The Statute Governing Burglary Charges in Pennsylvania
Our Pittsburgh criminal defense attorneys look forward to explaining all your rights and options at this time. Below you will find the actual text of the Pennsylvania law governing the crime of burglary in Pennsylvania. This was current as of July 2010. Our Pittsburgh criminal defense law firm is primarily in the business of fighting for defendants’ rights; we are not in the business of updating websites, but wanted to at least give you some information for educational purposes, only. You should talk to a lawyer for legal advice to fully learn your rights in Allegheny, Beaver, Butler, Washington, and Westmoreland Counties. We will explain to you the crime, possible punishment, and all your options.
Burglary – 18 Pa. Cons. Stat. § 3502
18 Pa.C.S.A. § 3502. Burglary.
(a) Offense defined.– A person is guilty of burglary if he enters a building or occupied structure, or separately secured or occupied portion thereof, with intent to commit a crime therein, unless the premises are at the time open to the public or the actor is licensed or privileged to enter.
(b) Defense.– It is a defense to prosecution for burglary that the building or structure was abandoned.
(c) Grading.– (1) Except as provided in paragraph (2), burglary is a felony of the first degree.
(2) If the building, structure or portion entered is not adapted for overnight accommodation and if no individual is present at the time of entry, burglary is a felony of the second degree.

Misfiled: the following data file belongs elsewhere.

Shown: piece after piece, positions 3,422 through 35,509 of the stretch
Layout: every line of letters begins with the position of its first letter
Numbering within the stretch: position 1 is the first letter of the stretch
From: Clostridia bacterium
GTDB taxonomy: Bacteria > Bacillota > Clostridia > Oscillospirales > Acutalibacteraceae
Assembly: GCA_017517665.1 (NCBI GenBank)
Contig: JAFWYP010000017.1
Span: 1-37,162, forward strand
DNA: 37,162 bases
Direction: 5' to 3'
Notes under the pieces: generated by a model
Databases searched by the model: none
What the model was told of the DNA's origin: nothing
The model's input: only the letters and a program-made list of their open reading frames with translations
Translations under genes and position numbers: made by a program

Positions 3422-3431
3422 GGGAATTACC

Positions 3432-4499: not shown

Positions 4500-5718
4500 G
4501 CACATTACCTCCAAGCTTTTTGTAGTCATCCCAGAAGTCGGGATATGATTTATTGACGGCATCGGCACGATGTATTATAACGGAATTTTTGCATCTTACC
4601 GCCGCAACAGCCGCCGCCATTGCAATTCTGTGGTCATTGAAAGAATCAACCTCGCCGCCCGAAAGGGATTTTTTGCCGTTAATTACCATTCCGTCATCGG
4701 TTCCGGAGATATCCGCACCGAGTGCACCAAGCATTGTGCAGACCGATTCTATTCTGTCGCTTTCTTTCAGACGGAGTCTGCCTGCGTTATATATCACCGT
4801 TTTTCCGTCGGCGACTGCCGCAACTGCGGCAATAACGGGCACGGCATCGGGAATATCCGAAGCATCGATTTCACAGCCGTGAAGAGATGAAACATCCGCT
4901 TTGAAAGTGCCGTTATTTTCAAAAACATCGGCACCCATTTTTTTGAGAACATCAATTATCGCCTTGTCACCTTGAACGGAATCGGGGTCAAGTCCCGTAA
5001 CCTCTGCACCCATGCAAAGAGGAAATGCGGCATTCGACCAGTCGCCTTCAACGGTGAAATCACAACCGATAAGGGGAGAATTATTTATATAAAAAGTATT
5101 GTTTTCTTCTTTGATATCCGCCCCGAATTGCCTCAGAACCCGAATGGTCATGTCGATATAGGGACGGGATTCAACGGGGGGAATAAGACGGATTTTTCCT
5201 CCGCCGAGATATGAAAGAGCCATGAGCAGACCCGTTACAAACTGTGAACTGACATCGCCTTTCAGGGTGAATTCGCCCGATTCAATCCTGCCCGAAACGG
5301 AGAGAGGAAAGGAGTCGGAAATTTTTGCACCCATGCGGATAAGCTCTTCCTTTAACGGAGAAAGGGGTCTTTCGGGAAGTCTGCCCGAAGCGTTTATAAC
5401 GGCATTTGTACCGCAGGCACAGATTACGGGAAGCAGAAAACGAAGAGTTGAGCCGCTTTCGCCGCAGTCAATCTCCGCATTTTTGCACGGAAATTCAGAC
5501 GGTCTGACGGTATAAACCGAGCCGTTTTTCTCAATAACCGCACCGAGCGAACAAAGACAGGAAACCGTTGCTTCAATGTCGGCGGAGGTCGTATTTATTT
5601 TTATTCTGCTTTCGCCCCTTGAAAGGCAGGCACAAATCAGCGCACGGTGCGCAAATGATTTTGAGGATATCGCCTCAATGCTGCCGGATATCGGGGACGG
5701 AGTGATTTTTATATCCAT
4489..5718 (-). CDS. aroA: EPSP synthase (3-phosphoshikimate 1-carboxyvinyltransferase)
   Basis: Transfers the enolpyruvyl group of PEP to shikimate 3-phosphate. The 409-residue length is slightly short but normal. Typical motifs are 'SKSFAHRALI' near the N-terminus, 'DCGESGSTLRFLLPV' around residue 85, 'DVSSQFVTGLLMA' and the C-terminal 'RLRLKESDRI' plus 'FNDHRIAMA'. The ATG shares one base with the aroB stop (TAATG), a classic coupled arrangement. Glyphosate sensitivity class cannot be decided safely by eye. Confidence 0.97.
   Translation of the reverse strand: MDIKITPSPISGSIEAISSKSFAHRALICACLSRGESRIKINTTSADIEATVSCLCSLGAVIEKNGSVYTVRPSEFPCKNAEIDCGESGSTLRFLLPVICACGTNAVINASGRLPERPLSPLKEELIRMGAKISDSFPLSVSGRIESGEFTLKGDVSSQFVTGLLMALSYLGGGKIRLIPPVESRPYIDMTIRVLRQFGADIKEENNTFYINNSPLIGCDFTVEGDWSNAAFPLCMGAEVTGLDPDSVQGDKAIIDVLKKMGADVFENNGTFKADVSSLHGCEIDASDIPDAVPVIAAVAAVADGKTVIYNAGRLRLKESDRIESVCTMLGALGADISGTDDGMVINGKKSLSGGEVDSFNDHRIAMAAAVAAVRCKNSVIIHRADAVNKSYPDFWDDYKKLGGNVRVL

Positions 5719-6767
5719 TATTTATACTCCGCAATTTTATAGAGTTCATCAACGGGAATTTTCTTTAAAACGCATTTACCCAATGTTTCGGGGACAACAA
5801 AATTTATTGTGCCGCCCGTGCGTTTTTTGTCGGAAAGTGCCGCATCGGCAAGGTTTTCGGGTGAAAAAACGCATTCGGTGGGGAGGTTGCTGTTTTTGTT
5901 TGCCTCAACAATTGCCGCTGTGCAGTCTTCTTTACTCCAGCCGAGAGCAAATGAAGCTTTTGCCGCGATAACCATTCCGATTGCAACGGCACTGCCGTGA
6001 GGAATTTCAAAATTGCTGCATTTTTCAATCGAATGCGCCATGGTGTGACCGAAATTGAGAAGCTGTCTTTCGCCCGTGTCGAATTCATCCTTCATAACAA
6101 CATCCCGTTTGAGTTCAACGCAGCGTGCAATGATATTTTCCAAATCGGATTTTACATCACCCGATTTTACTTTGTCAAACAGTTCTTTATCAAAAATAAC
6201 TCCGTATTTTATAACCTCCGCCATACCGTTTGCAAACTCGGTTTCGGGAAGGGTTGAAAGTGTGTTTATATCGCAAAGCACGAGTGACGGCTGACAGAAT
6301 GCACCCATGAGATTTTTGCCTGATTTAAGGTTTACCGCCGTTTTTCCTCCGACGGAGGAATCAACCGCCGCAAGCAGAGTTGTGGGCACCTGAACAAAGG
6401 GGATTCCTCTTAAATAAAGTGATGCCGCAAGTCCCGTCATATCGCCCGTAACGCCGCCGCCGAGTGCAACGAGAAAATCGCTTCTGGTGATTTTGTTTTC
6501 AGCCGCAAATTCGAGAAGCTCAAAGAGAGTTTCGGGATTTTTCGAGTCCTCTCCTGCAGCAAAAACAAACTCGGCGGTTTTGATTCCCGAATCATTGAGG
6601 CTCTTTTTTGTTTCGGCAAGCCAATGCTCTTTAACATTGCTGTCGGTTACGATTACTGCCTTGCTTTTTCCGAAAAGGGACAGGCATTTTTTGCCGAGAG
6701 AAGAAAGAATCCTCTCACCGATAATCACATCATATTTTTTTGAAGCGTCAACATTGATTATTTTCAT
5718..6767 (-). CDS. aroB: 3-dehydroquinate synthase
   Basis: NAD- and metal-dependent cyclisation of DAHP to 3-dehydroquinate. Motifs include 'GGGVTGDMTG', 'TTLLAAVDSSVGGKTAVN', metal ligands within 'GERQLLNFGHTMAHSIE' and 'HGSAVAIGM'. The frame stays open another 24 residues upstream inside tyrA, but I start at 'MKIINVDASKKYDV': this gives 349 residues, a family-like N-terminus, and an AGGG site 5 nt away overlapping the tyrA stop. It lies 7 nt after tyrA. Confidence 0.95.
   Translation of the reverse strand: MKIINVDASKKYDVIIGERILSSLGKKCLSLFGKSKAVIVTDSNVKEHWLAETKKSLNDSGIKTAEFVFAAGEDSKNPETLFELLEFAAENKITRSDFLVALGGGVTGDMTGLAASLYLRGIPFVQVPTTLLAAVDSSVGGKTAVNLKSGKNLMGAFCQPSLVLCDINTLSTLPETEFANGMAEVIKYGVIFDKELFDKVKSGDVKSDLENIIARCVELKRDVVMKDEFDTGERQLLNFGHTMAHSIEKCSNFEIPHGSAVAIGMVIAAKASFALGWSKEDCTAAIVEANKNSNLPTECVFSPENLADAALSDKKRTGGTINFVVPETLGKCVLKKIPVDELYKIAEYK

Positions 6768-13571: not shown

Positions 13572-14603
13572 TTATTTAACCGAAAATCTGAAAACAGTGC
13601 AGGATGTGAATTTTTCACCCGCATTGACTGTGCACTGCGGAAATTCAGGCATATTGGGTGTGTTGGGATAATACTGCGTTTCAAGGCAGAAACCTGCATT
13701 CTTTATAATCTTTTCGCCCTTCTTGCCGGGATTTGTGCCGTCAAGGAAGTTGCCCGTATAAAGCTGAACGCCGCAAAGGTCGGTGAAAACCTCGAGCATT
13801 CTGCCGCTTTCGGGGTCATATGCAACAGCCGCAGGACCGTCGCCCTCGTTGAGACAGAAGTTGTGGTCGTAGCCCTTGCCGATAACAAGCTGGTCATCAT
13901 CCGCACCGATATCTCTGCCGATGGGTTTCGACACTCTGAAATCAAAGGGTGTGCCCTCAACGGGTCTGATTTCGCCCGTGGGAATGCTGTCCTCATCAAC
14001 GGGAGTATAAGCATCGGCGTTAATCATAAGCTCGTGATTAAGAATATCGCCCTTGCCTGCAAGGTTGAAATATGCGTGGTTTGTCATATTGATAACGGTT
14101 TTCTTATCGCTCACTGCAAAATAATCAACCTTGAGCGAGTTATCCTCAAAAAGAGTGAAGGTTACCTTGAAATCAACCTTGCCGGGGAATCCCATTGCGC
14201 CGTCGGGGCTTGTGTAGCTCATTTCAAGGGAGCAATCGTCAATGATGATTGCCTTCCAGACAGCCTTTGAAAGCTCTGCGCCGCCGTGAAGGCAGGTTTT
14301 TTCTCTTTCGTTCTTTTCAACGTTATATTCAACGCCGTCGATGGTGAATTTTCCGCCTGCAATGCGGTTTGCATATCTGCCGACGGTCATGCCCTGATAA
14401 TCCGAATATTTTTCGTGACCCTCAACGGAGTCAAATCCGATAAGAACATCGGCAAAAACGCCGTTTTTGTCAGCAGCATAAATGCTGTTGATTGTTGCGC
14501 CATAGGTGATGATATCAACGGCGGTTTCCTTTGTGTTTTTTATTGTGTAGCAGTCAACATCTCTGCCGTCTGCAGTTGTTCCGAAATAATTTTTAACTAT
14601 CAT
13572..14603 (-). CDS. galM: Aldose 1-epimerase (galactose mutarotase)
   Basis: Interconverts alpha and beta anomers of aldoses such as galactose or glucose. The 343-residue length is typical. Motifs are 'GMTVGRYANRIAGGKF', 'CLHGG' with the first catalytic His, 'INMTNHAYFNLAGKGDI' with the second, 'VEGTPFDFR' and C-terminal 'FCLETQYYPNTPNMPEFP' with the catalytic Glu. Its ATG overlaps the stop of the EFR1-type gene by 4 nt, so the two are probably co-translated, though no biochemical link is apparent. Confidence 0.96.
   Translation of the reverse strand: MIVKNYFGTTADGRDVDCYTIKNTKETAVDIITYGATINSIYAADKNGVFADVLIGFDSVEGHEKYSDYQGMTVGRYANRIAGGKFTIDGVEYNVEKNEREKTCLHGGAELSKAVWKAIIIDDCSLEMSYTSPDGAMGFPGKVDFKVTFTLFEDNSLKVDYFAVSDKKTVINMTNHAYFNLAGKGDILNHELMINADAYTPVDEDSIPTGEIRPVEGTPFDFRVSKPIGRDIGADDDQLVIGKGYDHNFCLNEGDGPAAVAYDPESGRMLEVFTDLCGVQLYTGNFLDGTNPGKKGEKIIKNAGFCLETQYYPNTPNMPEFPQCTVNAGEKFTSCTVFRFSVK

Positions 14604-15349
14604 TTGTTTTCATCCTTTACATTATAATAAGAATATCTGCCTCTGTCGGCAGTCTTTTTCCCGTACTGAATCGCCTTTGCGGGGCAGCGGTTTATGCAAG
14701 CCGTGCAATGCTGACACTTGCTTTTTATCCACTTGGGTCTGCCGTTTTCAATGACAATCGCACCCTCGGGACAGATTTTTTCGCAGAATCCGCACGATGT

(d) Multiple convictions.– A person may not be convicted both for burglary and for the offense which it was his intent to commit after the burglarious entry or for an attempt to commit that offense, unless the additional offense constitutes a felony of the first or second degree. (Dec. 19, 1990, P.L.1196, No.201, eff. July 1, 1991)
1990 Amendment. Act 201 amended subsec. (c). Cross References. Section 3502 is referred to in sections 3311, 5708, 6105 of this title; sections 5552, 9802 of Title 42 (Judiciary and Judicial Procedure).
The Punishment for Burglary in Pennsylvania
Our criminal defense attorneys look forward to explaining all your rights and options at this time. Burglary is charged as a first degree felony in many cases, if the alleged burglary took place in someone’s residence, or other persons were in present at the time of the alleged incident.
Here are some additional things to keep in mind:
If the building is not a home (adapted for overnight accommodation) AND if no one is present at the time of entry, the Commonwealth classifies it as a second degree felony burglary.
Conviction of Multiple Crimes – Merger
You should also know that the provides: “A person may not be convicted both for burglary and for the offense which it was his intent to commit after the burglarious entry or for an attempt to commit that offense, unless the additional offense constitutes a felony of the first or second degree.”
Thus, generally speaking, if you are also accused of theft during a burglary, the prosecution cannot (and should not) charge you with a theft offense except when it is a serious felony theft charge.